22 pages 44 minutes read

Martha Collins

Again Later

Fiction | Poem | Adult | Published in 2020

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A Portrait of Denial, Repetition, and Grief

In “Again Later,” Collins turns a phone company’s intercept message into a song of denial. The beginning, middle, and end of the poem all find the speaker “not accepting” her husband’s death (Lines 1-2, 8-9, 14). As many psychologists affirm, denial is a part of grief. And denial is at the core of this poem.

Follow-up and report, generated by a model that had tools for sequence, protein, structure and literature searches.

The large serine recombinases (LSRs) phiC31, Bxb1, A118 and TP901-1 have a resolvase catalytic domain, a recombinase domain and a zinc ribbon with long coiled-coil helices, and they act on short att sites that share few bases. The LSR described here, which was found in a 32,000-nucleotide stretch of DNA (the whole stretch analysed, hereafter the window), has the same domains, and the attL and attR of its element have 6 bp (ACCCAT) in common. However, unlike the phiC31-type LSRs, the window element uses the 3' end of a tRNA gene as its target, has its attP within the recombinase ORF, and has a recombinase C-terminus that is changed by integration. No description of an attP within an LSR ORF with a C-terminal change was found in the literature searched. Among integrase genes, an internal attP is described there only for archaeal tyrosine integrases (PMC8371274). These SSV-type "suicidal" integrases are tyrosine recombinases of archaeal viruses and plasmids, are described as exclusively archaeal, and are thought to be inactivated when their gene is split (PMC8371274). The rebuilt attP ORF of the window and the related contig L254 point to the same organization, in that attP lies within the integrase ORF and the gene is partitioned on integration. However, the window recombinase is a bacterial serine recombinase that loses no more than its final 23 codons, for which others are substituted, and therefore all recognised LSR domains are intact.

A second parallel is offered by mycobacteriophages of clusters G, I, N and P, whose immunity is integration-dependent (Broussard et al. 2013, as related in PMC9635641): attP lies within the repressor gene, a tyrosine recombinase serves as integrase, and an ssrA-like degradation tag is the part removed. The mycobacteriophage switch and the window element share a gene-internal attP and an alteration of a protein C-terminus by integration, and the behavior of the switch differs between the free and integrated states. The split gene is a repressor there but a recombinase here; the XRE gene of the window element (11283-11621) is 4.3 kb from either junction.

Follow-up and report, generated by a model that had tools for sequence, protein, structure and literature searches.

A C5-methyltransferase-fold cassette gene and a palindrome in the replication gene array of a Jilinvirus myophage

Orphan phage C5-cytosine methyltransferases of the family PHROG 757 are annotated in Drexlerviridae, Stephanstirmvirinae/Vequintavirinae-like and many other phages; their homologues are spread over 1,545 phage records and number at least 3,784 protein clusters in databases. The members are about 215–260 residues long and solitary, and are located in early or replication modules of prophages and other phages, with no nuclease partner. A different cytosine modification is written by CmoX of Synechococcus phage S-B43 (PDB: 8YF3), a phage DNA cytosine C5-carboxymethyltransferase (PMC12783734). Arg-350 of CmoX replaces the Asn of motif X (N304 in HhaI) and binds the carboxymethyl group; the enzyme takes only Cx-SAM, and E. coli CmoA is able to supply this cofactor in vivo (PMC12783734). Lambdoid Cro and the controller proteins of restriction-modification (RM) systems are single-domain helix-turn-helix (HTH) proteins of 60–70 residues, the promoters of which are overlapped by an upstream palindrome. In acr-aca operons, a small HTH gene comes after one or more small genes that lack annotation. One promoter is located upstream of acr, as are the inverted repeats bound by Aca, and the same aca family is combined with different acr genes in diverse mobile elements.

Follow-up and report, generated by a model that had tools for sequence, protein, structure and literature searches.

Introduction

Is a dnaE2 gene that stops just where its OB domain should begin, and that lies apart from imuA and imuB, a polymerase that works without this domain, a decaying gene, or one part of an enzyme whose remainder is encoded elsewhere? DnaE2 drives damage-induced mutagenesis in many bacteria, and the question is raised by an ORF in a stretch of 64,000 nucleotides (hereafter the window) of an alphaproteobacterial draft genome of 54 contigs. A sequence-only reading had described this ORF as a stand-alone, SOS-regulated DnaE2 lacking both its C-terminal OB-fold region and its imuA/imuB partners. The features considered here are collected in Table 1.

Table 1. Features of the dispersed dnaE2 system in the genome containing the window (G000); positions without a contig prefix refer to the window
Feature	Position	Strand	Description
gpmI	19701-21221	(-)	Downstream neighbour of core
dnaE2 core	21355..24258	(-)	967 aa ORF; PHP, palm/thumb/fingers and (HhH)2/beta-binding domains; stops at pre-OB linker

The speaker’s denial is, however, not perfect. “Is not” repeats four times in the poem (twice on Lines 2, 5, 9). That’s once more than “not accepting” (Lines 2, 9, 14). Thus, the speaker seems to know that her husband “is not,” and no matter how many times she dials his old numbers, she will not hear his voice, she will only hear the intercept messages.

Grief is often experienced as a cycle, with recurring emotions and images (Hentz, Patricia. “The Body Remembers: Grieving and a Circle of Time.” Qualitative Health Research, vol. 12, no. 2, 2002, pp. 161-72. PubMed, doi:10.1177/104973202129119810). That means that grief—like the intercept messages and like the poem—repeats. By cutting up and rearranging a pre-recorded message, Collins has created a deft and accurate portrait of grief.